During the past few months the public mind at Evandale seem to have been seriously disturbed owing to alleged irregularities on the part of the “powers that be” in their police administration. The facts which have come under our notice are briefly as follows : -Some few months ago in consequence of “information received,” Peter Smith, Sub-Inspector, accompanied by William Murnane, a petty constable of the Evandale police, proceeded to the house of Mrs Dinih Duffell, landlady of the “Patriot King Hotel,” one of the most respectable hostelries in the district, and seized an illicit still. A summons was duly issued and Mrs Duffell appeared to answer it on the 30th of December, before the Warden and Mr James Cox, when she pleaded guilty, having first been given to understand that the prosecution was a pro forma one, and that the penalty would be merely nominal, as it was perfectly clear that she was ignorant of the article in her possession–it having been left at her house by a Mrs O’Brien. The Bench, however, much to the surprise of all, fined defendant £10. Some days afterwards a report gained currency on the township to the effect that “all was not right” in respect to the still case,” and that if the defendant had not been induced to plead: guilty an expose would have been the result. It was said that Constable Murnane had alleged that between the date on which the still had been seized, and the date on which the summons against Mrs. Duffell was returnable, additions had been made to the still in order that a good case might be made out; and that Murnano observing that the still was not in the same state as when seized had informed the Superintendent that if placed in the witness box he would acquaint the Bench of the fact that additions had been made to the still. In consequence of this report becoming generally circulated, throughout the district it was deemed advisable to institute an investigation. This was held with closed doors. What transpired at the enquiry is known only to those presentbut the visible result was that in a few days afterwards Sub-Inspector Smith sent in his resignation, which was accepted and he left the force. Murmane was requested to send in his resignation too, and when he asked the reason, he was told that he must do so because he had reported the irregularity re the “still case” to brother, constables in the first instance, instead of going direct to a superior officer.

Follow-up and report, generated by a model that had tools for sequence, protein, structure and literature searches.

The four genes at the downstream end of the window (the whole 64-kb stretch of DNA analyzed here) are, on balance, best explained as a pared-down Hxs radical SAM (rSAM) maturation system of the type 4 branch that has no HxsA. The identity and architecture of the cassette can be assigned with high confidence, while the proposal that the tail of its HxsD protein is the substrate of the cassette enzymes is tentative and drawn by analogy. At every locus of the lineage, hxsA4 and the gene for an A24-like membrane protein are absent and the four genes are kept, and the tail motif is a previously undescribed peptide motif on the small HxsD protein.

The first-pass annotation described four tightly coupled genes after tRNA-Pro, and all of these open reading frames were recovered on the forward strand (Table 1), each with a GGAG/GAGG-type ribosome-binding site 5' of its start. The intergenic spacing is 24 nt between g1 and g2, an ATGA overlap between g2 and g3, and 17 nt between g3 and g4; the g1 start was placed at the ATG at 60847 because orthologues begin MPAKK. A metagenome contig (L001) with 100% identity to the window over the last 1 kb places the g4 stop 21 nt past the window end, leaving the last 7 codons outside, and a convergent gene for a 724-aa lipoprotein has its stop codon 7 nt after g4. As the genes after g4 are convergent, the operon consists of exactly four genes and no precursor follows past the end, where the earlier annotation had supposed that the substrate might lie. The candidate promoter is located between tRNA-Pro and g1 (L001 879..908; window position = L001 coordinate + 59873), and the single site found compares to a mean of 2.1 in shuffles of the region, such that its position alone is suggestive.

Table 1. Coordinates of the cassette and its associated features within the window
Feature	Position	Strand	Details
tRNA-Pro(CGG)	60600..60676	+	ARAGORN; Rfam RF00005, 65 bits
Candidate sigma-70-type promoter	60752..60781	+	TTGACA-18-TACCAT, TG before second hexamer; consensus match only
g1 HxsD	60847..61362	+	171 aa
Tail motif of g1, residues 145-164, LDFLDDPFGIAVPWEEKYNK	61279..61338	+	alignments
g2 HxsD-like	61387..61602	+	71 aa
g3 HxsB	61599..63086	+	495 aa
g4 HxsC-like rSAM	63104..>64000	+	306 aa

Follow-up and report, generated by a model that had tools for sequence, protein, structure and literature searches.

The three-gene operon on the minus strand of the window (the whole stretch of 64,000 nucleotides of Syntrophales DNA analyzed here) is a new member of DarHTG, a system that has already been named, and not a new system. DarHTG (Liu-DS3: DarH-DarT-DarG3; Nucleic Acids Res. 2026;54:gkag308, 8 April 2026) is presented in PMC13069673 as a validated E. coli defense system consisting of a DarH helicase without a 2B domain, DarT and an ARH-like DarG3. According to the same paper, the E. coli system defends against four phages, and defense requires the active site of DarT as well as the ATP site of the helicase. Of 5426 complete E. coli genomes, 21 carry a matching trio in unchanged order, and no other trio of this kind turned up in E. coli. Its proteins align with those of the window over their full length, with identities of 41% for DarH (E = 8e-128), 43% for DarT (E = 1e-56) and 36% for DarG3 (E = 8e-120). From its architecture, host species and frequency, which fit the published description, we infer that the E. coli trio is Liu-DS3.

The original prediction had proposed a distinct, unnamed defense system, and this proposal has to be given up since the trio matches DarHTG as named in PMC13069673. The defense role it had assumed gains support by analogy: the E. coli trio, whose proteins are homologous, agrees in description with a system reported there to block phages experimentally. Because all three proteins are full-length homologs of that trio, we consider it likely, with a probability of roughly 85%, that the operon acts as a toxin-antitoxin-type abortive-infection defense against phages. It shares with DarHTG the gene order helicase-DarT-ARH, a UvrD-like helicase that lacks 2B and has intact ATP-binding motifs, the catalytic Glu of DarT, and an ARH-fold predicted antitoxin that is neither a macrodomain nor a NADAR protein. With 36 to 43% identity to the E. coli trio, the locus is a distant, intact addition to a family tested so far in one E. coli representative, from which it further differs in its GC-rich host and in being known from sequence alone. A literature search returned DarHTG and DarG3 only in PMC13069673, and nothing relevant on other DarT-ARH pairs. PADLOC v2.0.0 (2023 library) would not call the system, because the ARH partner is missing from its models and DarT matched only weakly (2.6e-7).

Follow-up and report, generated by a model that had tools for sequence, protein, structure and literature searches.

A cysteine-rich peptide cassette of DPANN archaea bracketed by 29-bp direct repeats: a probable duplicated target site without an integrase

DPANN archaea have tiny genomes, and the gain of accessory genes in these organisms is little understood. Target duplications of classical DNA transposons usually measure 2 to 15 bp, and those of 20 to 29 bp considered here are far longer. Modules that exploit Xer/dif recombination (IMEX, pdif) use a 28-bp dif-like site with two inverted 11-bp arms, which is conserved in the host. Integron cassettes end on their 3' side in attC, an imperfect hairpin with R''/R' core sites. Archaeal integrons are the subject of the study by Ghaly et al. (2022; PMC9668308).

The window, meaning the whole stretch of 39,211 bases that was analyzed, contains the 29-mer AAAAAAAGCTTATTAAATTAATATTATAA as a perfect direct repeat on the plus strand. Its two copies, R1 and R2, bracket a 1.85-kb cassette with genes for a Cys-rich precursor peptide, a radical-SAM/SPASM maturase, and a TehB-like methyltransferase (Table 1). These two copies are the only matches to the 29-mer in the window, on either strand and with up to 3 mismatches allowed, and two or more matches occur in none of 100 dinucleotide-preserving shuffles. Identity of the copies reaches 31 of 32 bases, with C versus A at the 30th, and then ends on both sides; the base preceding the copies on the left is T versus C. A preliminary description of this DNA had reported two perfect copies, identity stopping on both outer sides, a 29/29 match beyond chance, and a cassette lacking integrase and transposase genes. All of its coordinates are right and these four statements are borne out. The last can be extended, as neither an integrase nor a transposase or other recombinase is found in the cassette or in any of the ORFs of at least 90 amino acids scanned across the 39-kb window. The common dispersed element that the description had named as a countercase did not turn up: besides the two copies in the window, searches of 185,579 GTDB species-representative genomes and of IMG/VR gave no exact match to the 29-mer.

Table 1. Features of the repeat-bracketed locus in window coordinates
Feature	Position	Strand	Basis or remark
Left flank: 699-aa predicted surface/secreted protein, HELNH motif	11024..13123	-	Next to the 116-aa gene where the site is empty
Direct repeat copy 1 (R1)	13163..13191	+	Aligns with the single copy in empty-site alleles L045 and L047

Launceston Examiner, 23 May 1874